Skin Cancer

Hello Jan and Rog

I enjoy your reading pages to see the latest developments in naturism. There's a matter I'd like to put up for information and discussion that may be of benefit to your other readers.

In October 2016 I had a squamous cell carcinoma excised from my forehead and in October of 2017, a basal cell carcinoma was taken from my chin. I've been lucky, as the skin cancers were detected early, are not particularly aggressive and have been completely removed. We live in Cornwall, the skin cancer centre of the UK, and I've worked outside for much of my life, though not as a naturist. The skin damage that led to the lesions has probably occurred as part of my textile life, and over a number of years, but as someone with Type 1 skin (red hair, freckles) I'm now concerned that my naturist days are numbered.

My wife and I came to naturism only in our late fifties, but over the last twelve years or more, we've enjoyed many holidays 'à poil' in southern France, where we now have a number of good naturist friends. I've never been careless about sun protection, but since the removal of the SCC, I've stayed in the shade, covered up, slathered on the sun cream, worn a hat and had my wife regularly inspect every bit of skin for any suspicious spots. Nevertheless, the likelihood of more cancerous lesions occurring over the next few years, even without more sun exposure, is not negligible and the prospect of malignant melanoma is not something I relish.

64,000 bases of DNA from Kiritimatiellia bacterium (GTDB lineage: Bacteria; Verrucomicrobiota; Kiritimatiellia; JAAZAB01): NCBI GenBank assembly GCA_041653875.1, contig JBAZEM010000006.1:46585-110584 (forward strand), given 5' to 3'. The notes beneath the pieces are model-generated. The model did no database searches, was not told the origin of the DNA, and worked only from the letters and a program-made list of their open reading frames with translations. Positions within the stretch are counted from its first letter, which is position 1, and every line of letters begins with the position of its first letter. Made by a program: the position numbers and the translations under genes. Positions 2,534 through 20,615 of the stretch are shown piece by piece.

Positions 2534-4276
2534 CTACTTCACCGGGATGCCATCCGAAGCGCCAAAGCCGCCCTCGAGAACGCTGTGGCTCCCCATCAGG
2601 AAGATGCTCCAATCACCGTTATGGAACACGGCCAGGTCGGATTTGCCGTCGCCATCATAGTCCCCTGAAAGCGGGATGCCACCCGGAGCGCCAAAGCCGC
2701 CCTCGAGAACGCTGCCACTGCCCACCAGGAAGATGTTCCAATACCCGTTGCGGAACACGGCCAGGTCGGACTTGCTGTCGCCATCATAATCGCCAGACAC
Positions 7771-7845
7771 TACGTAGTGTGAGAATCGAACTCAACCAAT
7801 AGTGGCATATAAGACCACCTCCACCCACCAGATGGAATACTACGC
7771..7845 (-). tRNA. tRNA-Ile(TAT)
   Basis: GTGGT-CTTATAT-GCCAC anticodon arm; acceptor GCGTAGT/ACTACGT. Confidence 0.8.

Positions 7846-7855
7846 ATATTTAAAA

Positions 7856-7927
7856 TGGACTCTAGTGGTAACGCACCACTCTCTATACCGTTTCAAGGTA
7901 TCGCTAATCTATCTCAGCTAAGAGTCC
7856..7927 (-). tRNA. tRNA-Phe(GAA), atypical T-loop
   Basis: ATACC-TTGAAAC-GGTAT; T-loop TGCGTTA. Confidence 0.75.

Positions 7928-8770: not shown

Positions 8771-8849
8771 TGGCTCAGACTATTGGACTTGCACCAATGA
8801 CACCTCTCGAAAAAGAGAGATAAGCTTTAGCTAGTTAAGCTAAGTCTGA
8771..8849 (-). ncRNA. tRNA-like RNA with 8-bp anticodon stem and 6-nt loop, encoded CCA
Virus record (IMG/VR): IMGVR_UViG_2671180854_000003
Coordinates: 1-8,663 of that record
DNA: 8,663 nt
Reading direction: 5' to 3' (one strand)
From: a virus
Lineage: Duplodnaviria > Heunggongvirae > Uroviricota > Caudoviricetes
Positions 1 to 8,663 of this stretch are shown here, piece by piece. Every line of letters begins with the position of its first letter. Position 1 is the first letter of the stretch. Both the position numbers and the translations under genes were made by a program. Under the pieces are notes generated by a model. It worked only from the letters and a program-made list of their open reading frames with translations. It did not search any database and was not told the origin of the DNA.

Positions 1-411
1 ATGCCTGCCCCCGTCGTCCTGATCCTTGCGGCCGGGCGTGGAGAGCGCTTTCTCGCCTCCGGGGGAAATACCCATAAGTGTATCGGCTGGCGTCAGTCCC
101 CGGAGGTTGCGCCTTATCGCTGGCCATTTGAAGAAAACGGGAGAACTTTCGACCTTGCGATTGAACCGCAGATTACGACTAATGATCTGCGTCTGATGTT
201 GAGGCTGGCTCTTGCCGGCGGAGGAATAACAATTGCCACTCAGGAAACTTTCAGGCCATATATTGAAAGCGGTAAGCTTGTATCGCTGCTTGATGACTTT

The point of the preamble is this: I've come love naturism for all the reasons that its ethic prescribes and needn't rehearse them here. I don't want to give it up and probably won't, but I'd like to draw your readers' attention to my experience and the lessons it offers. Sun exposure is dangerous; sunbathing for hours on end, even with Factor 50 cream, results in DNA damage that can lead to cancer. If you have Type 1 skin, you're at particular risk. So take care; a deep tan is a high price to pay for the malignant melanoma that has a high probability of killing you. Above all, take ANY suspicious lesion to your GP: it may save your life.


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